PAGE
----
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200-sq.-ft. Tiny Houses With Incredible Views: The Bolder Skylodges


This is The Bolder Skylodges, a pair of 200-sq.-ft. tiny houses that overlook Norway’s Lysefjord near Pulpit Rock.

The tiny homes are nearly 2,000 feet above sea level with the most magnificent views one can hope for, or even imagine.

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200-sq.-ft. Bolder Skylodges Tiny Homes

This tiny house sits nearly 2,000 feet above sea level.

Just look at how dazzling the views are from here.

One of the tall, 200-sq.-ft. tiny homes.

Stepping inside.

Best seat of the house?

Not to worry, there’s room for four.

The kitchenette provides modern comforts.

The actual best seat in the house?

There’s a full bathroom, too.

And another bed on the main level.

A cozy place to sit and relax.

Can you imagine waking up here?

Our SkyLodges are 22 square meters and includes two double bedrooms, designer kitchen from Vipp, fully equipped bathroom and a dining room with a view to die for.

Go to sleep and wake up immersed in nature.
With fully adjustable beds you have the option to relax and recharge – your way.

Learn more

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Alex

Alex is a contributor and editor for TinyHouseTalk.com and the always free Tiny House Newsletter. He has a passion for exploring and sharing tiny homes (from yurts and RVs to tiny cabins and cottages) and inspiring simple living stories. We invite you to send in your story and tiny home photos too so we can re-share and inspire others towards a simple life too. Thank you!
{ 9 comments… add one }
  • March 9, 2021, 11:06 am

    The application of a mono-pod opens up a variety of site options as well as sizes. Using the simple Auger Foundation Systems the same effect can be used on almost any pristine local. Access and permitting are probably the only holdback. Engineering is the major expense in these projects and I was very glad to see a full-height upper floor. Not really a seniors-type structure but a single floor is well within possibilities and should be done soon for maximum coverage as it would also fit handicapped better.

  • Jeffrey Lee
    March 9, 2021, 12:17 pm

    The luxury tiny house is not a tiny house, it is the toy of the rich.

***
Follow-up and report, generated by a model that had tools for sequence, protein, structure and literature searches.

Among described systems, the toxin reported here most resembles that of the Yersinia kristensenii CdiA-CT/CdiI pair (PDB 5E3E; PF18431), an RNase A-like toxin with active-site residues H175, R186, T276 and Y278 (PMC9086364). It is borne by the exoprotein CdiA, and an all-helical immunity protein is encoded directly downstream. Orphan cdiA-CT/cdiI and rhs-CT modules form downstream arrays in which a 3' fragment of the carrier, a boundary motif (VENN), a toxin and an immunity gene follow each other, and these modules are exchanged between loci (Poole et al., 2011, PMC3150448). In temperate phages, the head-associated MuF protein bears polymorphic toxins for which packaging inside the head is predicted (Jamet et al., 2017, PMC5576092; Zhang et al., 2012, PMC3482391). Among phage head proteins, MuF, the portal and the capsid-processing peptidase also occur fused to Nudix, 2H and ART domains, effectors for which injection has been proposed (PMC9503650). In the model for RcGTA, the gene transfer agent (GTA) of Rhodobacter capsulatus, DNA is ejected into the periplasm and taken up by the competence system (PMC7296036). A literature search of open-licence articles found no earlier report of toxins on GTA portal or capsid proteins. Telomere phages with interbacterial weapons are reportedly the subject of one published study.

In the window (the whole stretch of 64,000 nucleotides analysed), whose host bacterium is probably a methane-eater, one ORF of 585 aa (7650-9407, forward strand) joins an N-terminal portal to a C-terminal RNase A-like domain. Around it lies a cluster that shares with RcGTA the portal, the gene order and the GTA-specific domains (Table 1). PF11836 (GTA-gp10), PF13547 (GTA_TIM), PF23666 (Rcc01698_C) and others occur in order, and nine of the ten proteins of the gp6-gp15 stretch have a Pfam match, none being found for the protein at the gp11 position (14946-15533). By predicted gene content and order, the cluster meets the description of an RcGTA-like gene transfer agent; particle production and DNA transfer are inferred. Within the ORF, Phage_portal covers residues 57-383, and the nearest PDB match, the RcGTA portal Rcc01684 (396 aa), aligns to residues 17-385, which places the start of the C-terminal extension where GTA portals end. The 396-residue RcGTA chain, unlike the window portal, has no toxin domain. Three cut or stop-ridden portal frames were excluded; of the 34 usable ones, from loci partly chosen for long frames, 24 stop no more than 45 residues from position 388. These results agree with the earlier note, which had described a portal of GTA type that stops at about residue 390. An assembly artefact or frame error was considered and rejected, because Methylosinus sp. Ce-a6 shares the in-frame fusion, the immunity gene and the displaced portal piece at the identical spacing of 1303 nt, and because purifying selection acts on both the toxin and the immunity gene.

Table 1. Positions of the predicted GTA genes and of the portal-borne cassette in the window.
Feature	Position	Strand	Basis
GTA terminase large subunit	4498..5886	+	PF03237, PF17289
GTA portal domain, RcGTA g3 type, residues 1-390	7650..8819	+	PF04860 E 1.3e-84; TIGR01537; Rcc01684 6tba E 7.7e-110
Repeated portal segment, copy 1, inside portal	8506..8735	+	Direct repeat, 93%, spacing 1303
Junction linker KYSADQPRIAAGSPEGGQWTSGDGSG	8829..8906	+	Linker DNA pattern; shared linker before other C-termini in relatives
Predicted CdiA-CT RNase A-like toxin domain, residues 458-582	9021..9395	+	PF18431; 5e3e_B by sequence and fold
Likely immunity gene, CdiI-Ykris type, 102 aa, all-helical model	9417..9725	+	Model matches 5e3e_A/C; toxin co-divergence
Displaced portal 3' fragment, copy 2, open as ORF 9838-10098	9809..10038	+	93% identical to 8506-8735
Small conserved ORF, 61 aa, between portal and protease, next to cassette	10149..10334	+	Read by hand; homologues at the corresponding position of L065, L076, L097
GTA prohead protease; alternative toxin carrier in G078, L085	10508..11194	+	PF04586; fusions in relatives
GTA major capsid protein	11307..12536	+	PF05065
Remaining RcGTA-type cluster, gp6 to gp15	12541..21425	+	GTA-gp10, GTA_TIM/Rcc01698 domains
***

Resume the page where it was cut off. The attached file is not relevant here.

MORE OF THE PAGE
• David Pedersen
      March 11, 2021, 2:23 am

      It is not.

    • Seth Amsel
      March 13, 2021, 9:18 am

      huh? Even if it was a “toy of the rich” how would that prevent it from also being a tiny house, given that, you know…. it’s 200 sq.ft. ..??!?!?
      Pro Tip — the size of an object isn’t determined by the socio-economic class its creation is targeted toward.

  • Jake
    March 9, 2021, 12:57 pm

    If Norway would let me in, I’d move here tomorrow! Beautiful.

  • Marsha Cowan
    March 9, 2021, 1:01 pm

    It’s exquisitely and remarkably made and quite beautiful, but sorry. . .uh-uh. . .I wouldn’t be able to hover over a deep ravine like that and still sleep at night. Sorry : ( The view is wonderful. . .maybe from a plane?

  • Theresa Perdue
    March 10, 2021, 12:55 pm

    I absolutely love it. But I would be too afraid to stay there. I can just picture even a tiny earthquake sending it souring into the abyss. I will leave it for the brave.😂

  • jerry dycus
    March 14, 2021, 6:58 am

    While interesting, why so narrow, 2 story and sitting on 1 expensive pole?
    A wider 1 story would be a lot better, more comfortable, flexible interior and blend into the forest better.
    Admiring the view while making the view worse for others is not cool.
    Structurally 2 lighter poles farther out and the other end bolted to the mountain beats the monopole.

    • James D.
      March 14, 2021, 2:46 pm

      Well, multiple reasons… The wider the footprint then the worse the environmental impact, and they specifically wanted to keep their environmental impact minimal. Besides, it’s on a mountain and goes right into solid rock. So it’s plenty strong for such a small and light structure, and being on the cliff side of a mountain isn’t really for blending into the forest anyway…

      Wider single level structure would also limit the view and the ability to see as much of it at once from one viewing point, which is counter to the point of this being essentially an observation platform. Both the dining space and the bed on the second level allow you a pretty immersive view of the landscape that you wouldn’t get with a wider structure, which you would normally need a separate observation platform to get these types of views.

      While there’s also the logistics of where it’s located and getting it built on that cliff side, 2000 feet above sea level, on a mountain with rocky terrain, and keeping the design simple and efficient… And there’s no one else’s view being effected where they are located, it’s a remote location. So no reason why they shouldn’t try to get the best views they can get…

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